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Former Congressman Joe Kennedy III Discusses Finding Political Common Ground at IOP Forum

Former Congressman Joseph P. Kennedy III speaks at an IOP forum. Kennedy discussed political differences and consensus during the event on Tuesday evening.
Former Congressman Joseph P. Kennedy III speaks at an IOP forum. Kennedy discussed political differences and consensus during the event on Tuesday evening. By Marina Qu
By Adithya V. Madduri, Ava H. Rem, and William G. Sykes, Contributing Writers

Former Congressman Joseph P. Kennedy III (D-Mass.) discussed the importance of respecting political differences and forging consensus — drawing on his experience as United States Special Envoy for Northern Ireland — at a Harvard Institute of Politics forum on Tuesday evening.

The event, which marked the kickoff of the President John F. Kennedy Leadership Series, was moderated by IOP Director Setti D. Warren and Celia T. Rees ’26.

During the event, Kennedy discussed his great-uncle John F. Kennedy’s leadership style which he said allowed for respectful dissent amid political turmoil in the early 1960s.

Kennedy said leadership requires “a give and take.”

“That means there has to be a willingness to accept difference, and I worry at times now that we’re in a society where that isn’t as valued as it perhaps used to be,” he said.

Kennedy called on Americans to learn from political leaders in Northern Ireland. He shared an anecdote about two women in the country’s executive branch who supported each other politically despite coming from “different religions, different traditions, different experiences, different histories, different visions for where they want Northern Ireland to be.”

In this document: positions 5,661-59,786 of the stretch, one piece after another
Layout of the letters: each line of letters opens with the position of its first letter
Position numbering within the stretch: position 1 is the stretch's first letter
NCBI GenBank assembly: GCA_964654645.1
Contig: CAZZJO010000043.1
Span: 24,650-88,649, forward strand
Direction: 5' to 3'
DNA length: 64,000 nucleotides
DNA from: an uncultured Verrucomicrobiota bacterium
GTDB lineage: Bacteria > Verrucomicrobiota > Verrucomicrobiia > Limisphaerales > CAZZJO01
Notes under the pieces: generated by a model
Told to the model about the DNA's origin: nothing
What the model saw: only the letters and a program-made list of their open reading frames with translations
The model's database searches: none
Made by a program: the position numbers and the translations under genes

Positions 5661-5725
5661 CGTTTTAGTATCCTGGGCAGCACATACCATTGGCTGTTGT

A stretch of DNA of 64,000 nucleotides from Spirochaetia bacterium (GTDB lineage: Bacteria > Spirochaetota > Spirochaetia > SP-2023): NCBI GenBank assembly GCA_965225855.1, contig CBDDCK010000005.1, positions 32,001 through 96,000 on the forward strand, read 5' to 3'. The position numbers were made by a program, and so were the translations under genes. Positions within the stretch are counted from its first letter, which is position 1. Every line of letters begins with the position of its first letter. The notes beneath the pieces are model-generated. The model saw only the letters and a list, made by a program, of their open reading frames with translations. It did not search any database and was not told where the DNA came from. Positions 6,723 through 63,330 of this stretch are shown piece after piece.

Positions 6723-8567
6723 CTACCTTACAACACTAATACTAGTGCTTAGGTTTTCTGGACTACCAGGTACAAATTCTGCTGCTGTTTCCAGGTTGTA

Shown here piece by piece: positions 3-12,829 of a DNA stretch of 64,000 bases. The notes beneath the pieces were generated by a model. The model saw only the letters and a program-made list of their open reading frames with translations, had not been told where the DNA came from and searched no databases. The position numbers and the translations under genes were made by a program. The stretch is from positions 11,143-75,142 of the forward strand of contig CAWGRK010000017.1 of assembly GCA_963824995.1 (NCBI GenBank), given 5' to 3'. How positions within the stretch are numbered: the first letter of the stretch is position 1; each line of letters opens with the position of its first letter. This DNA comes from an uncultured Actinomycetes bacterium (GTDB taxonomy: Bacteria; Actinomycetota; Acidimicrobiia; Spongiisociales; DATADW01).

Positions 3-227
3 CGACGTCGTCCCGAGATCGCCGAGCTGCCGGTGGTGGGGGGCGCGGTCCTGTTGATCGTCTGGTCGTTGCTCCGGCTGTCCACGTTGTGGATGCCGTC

“That’s a pretty remarkable thing,” Kennedy said. “I think to our system today — gosh what we could learn from that.”

Kennedy stressed the importance of people focusing on their shared aspirations for the future in spite of historical differences.

“In order to live in a shared space, that future is going to be shared as well,” he said.

Beyond his work in Northern Ireland, Kennedy also talked about his experience as president of his family’s non-profit Citizens Energy Corporation, which works on providing affordable heating and energy to poor and elderly homes.

“We can mobilize tens if not hundreds of millions of dollars back to local communities without increasing ratepayers by a dime and actually treat those communities as stakeholders, because they are,” Kennedy said.

In response to an audience question, Kennedy also addressed the ongoing Israel-Palestine conflict by drawing on his experience as special envoy and linking Northern Ireland’s journey toward peace to the current conflict in the Middle East.

“That space in Northern Ireland, that space in the Middle East, is going to be a shared space,” Kennedy said.

“People that have lived there for thousands of years are going to continue living there, and there needs to be a reality put in place that can allow for differing visions as to what the outcome of this will be to live in peace and prosperity,” he added.

Kennedy concluded by giving advice to those in the audience thinking about running for political office.

“We need you,” he said. “Like every system, we get out of it what we put into it. If we don’t put good people into it, we don’t get good things out of it. Full stop.”

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IOPPoliticsHarvard Kennedy School